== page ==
The BBC has reported this week on the strain which the pandemic has placed on working mothers and female carers, and the long term impact this might have on gender equality in the workplace. Their report makes for sobering reading.
Every single person has faced challenges as a result of the pandemic and associated lockdown. I don't know anyone who has described this as anything other than a difficult period - and one which isn't over yet.
However, speaking to my own experience as a working mother of two young children, it has proved particularly difficult to balance the demands of full time work with homeschooling and childcare. Lockdown has certainly proved the most stressful and challenging period in my career to date.
In the wider context, I am fearful of the long term ramifications this period may have on working women, their mental health and their career prospects.
Women already face unconscious (or not so unconscious) bias in the workplace regarding their skills and capability. New research has found that the pandemic is exacerbating these inequalities.
Research by Catalyst, a global NGO that works to improve working conditions for women, has found that women have to work longer hours, and “prove themselves” to achieve the same career development as men. They found that women are often held to a much higher standard than their male counterparts. In effect, women have to work harder than their male counterparts to achieve less recognition.
The International Labour Organisation has reported that women still do ¾ of all unpaid care and domestic work. This is hard enough to juggle in “normal times”.
Many working mothers report feeling like they have already done a full day’s work before even starting their paid employment. They then face a “second shift” of childcare during the evening/night.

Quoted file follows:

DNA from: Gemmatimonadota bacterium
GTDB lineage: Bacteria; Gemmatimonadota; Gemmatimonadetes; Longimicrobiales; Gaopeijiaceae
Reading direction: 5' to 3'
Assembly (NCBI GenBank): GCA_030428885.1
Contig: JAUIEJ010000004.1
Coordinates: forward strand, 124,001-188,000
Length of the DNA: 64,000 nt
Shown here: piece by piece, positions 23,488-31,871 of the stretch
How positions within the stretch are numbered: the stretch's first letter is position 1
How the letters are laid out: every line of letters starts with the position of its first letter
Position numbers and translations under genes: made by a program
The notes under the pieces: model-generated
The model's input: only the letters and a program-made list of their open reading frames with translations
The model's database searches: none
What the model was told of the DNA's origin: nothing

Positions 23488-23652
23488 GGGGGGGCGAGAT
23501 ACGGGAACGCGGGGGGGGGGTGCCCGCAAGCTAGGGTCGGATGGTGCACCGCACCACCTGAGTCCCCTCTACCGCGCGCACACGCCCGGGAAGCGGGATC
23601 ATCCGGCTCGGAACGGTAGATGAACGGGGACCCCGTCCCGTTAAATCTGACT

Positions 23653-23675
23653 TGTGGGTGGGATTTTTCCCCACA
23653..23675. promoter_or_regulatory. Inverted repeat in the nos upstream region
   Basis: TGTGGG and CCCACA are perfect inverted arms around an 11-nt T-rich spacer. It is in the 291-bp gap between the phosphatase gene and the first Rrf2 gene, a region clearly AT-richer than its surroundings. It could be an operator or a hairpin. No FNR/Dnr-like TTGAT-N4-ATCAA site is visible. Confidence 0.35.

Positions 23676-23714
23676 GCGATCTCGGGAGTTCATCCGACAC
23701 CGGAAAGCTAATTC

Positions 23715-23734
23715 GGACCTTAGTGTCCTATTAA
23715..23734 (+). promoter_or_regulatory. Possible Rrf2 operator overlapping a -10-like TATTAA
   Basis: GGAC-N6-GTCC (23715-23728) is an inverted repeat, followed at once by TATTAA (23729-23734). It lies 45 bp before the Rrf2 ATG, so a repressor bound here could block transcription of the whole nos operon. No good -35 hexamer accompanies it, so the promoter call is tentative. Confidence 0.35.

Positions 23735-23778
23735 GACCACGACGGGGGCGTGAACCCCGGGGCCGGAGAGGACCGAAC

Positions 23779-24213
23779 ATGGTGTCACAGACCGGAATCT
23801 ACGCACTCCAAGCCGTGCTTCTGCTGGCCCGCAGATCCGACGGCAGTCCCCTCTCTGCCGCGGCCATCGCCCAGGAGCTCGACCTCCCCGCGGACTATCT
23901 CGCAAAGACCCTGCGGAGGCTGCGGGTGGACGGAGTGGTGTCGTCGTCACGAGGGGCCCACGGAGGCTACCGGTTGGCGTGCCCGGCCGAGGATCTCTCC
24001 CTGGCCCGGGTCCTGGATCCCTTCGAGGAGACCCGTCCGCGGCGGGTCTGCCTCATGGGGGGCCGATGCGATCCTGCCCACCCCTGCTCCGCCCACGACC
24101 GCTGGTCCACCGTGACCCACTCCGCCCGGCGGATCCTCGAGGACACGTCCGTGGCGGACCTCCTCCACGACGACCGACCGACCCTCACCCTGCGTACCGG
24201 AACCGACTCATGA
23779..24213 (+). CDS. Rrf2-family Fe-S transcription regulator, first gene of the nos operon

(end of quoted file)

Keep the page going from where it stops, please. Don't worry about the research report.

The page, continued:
Lockdown, school closures and no childcare means working mothers have found themselves facing an impossible task; simultaneously trying to work, care for their children and homeschool them. Inevitably this is impacting on women’s mental health, their performance at work and, inevitably, their long term careers.
Another worrying trend is that women’s careers and job prospects tend to be impacted more negatively than men in recessions and economic slowdowns. Research has shown this effect at all levels – from Board level positions to the lowest paid roles. Female Board members are less likely to be appointed or kept on where a business is experiencing hard times. At the other end of the spectrum, recession typically results in increased levels of female unemployment.
The current pandemic is particularly worrying because the sectors most affected are those where women are over-represented, namely the hospitality, retail and food sectors.
Might the pandemic yet be an opportunity for a fairer and more equitable workplace? Possibly, if businesses can embrace the new found flexibility forced on them by lockdown to enable all workers to balance their domestic responsibilities with contributing to the workplace.
However, it is a sobering thought that, even before the pandemic, researchers estimated that it would take a further century to achieve true gender equality in the workplace.
If we are not mindful of these challenges, the pandemic could mean significant setbacks in gender equality; if we’re not vigilant, future discussions around women in the workplace might be focusing less on breaking through the “glass ceilings” and more on escaping from the “sticky floors”.
Coronavirus: Will women have to work harder after the pandemic?